Call for Papers: Workshop on Transnational History of Socialism (Second Half of 19th Century to 1914)

Two centuries after the birth of Karl Marx, European researchers show a renewed interest in socialism studies. However, this has coincided with the unprecedented decline of the traditional workers’ movement.

Frequently, these studies involve an international and transnational dimension. Internationalism can be studied under this light. According to Marcel Van der Linden, to assess and analyse this school of history, the researcher must get out of his own cultural and linguistic sphere and be removed from domestic history [Van der Linden, 2017].

Using new methods, the current seminar aims to study the relations and differences between socialism and socialists of different nationalities. The framework of the nation-state, still predominant in the studies about the transmission and diffusion of the Left ideas, must be transcended to grasp the global challenge [Middell, 2004]. Moreover, refocusing socialism studies in this global direction means finally exceeding the classic Eurocentric vision.

According that, this seminar is interested in all these « transnational » manifestations of socialism : circulation of texts, ideas and socialist actors between the different countries, cross-border labour, transnational movements, and positions of socialists in conflict period. In short, this means any topic that transcends or even clears borders. Specific attention will be given to translation of politic wrights or speeches, a relatively neglected field, so far as this allows for a re-examining of the transmission process in a new light. Populations particularly concerned by transnational practices (one of the most controversial cases of « transnationalism » at the time was the Polish case) deserve specific attention in this respect.

Additionally, these sessions may also address the issue of institutional relations between different nations and empires. Proposing a transnational history makes it possible to study the entanglements and interconnections of socialist institutions and other forms of international solidarity. This can be done through the study of institutions such as the Socialist International, the Bureau Socialiste International and the various international meetings at which socialists tried to put into practice the international dimension of their principles.

As it was proposed by Michel Espagne and Michael Werner, who dedicated their analysis to the diffusion of the German thought in France, it is essential to focus on tools that allow for the diffusion and circulation of ideas and knowledge [Espagne & Werner, 1988]. For too long, however, studies on representations and transmissions has given precedence to ideas ; the material vectors of these transfers, equally important, have been neglected. Studying the circulation of socialist works between various socialist centers (the role of translations being a key element), not to mention the role that grey literature played in these exchanges, may constitute an essential component from this point of view. Studies should also focus on the influence of the national framework to the foreign countries, which induces a diffusionist logic, but must go beyond this perspective taking into account external and reciprocal influences in the process of building an « internationalist thinking ».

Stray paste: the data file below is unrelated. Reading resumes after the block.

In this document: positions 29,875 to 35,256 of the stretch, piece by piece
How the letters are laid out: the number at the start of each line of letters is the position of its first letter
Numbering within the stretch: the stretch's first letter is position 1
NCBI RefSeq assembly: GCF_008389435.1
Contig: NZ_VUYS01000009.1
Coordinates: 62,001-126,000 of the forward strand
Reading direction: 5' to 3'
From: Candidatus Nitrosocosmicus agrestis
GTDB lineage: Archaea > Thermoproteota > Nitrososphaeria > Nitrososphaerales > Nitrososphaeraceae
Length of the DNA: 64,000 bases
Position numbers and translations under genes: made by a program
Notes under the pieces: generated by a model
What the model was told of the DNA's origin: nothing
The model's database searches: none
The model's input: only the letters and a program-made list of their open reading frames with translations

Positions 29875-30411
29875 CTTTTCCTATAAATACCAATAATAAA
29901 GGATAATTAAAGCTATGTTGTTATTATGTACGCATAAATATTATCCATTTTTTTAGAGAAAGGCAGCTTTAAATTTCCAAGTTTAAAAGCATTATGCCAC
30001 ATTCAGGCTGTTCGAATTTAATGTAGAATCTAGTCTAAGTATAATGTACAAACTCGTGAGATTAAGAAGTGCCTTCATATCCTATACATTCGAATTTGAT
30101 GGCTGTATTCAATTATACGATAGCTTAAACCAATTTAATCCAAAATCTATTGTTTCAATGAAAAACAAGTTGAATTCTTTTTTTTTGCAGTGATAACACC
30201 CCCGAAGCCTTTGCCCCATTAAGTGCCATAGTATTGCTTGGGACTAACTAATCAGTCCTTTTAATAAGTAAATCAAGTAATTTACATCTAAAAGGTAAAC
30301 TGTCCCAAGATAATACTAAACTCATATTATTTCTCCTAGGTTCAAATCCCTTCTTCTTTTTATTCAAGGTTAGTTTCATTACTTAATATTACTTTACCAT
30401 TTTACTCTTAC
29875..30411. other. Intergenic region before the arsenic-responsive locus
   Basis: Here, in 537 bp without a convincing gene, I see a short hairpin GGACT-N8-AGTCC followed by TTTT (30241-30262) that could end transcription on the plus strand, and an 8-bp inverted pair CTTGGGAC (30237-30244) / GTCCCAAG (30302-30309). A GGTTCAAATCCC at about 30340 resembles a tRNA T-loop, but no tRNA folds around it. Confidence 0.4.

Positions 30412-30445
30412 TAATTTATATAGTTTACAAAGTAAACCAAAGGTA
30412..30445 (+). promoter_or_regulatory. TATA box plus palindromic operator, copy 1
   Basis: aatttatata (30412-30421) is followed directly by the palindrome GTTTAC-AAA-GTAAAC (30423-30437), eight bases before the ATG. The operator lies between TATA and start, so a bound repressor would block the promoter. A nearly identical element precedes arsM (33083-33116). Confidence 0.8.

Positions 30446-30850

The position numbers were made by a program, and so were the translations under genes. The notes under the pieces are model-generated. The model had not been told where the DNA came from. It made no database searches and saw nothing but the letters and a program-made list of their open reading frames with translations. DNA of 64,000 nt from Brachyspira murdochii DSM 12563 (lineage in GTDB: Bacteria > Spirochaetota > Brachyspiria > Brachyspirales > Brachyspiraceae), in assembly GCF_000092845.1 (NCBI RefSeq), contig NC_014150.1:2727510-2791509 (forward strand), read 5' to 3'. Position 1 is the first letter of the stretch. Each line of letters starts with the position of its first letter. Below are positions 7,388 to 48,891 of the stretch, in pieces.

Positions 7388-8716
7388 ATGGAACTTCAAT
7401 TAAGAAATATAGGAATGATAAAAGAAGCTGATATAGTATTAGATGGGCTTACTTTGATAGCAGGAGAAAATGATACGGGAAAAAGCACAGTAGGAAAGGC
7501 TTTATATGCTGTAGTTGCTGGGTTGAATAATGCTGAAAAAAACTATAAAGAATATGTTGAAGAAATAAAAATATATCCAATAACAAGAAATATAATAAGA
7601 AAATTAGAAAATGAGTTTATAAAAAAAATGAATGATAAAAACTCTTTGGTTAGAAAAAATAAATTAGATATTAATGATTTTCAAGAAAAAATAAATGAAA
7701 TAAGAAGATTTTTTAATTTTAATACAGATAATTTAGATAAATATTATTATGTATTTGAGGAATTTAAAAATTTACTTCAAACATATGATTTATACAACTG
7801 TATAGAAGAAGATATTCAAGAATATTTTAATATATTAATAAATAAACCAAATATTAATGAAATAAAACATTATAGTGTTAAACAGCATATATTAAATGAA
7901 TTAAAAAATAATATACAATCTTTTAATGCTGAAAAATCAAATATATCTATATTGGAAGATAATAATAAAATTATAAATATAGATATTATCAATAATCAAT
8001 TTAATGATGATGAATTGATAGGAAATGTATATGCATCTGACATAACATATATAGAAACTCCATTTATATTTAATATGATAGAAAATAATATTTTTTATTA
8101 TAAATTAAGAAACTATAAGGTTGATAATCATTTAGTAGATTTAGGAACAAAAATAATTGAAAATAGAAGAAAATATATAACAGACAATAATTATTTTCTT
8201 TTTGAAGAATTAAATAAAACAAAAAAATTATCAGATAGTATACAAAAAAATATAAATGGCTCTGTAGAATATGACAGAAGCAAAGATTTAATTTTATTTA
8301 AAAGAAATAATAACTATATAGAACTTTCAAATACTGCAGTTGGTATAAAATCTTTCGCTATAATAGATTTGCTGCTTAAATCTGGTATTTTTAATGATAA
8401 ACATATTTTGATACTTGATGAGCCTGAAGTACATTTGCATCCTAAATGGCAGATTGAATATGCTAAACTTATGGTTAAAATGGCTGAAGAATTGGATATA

The seminar also aims to question differences of opinion within political families and between nations on the question of internationalism, one of the main problems of the socialist thought. Just as historiography has attempted to conceptualize an « Era of Revolutions » [Hobsbawm, 1962] can we not speak of an « Era of Socialism » that goes beyond the European framework? Thus we can also expand analysis to socialists in exile [Aprile, 2010], voluntary or not, who have been able to get closer to foreign socialist elements. Contributions should be careful not to neglect the discourse and representations of socialist internationalism confronted with practices.

A special place will be reserved for contributions relating to peace and pacifism, key elements of socialist language and practice. This has been studied mainly on a country-by-country basis, but there is a need to take into account the transnational dimension of process.

Proposals must be concerned with history of socialism but can also be about another aspect of the political and ideological spectrum in a comparative perspective.


Practical arrangements

Proposals are expected to be received before May 10th  2018 :

Responses will be sent before May 25th

Work languages are: French, English and German

Travelling and accommodation expenses will be covered.


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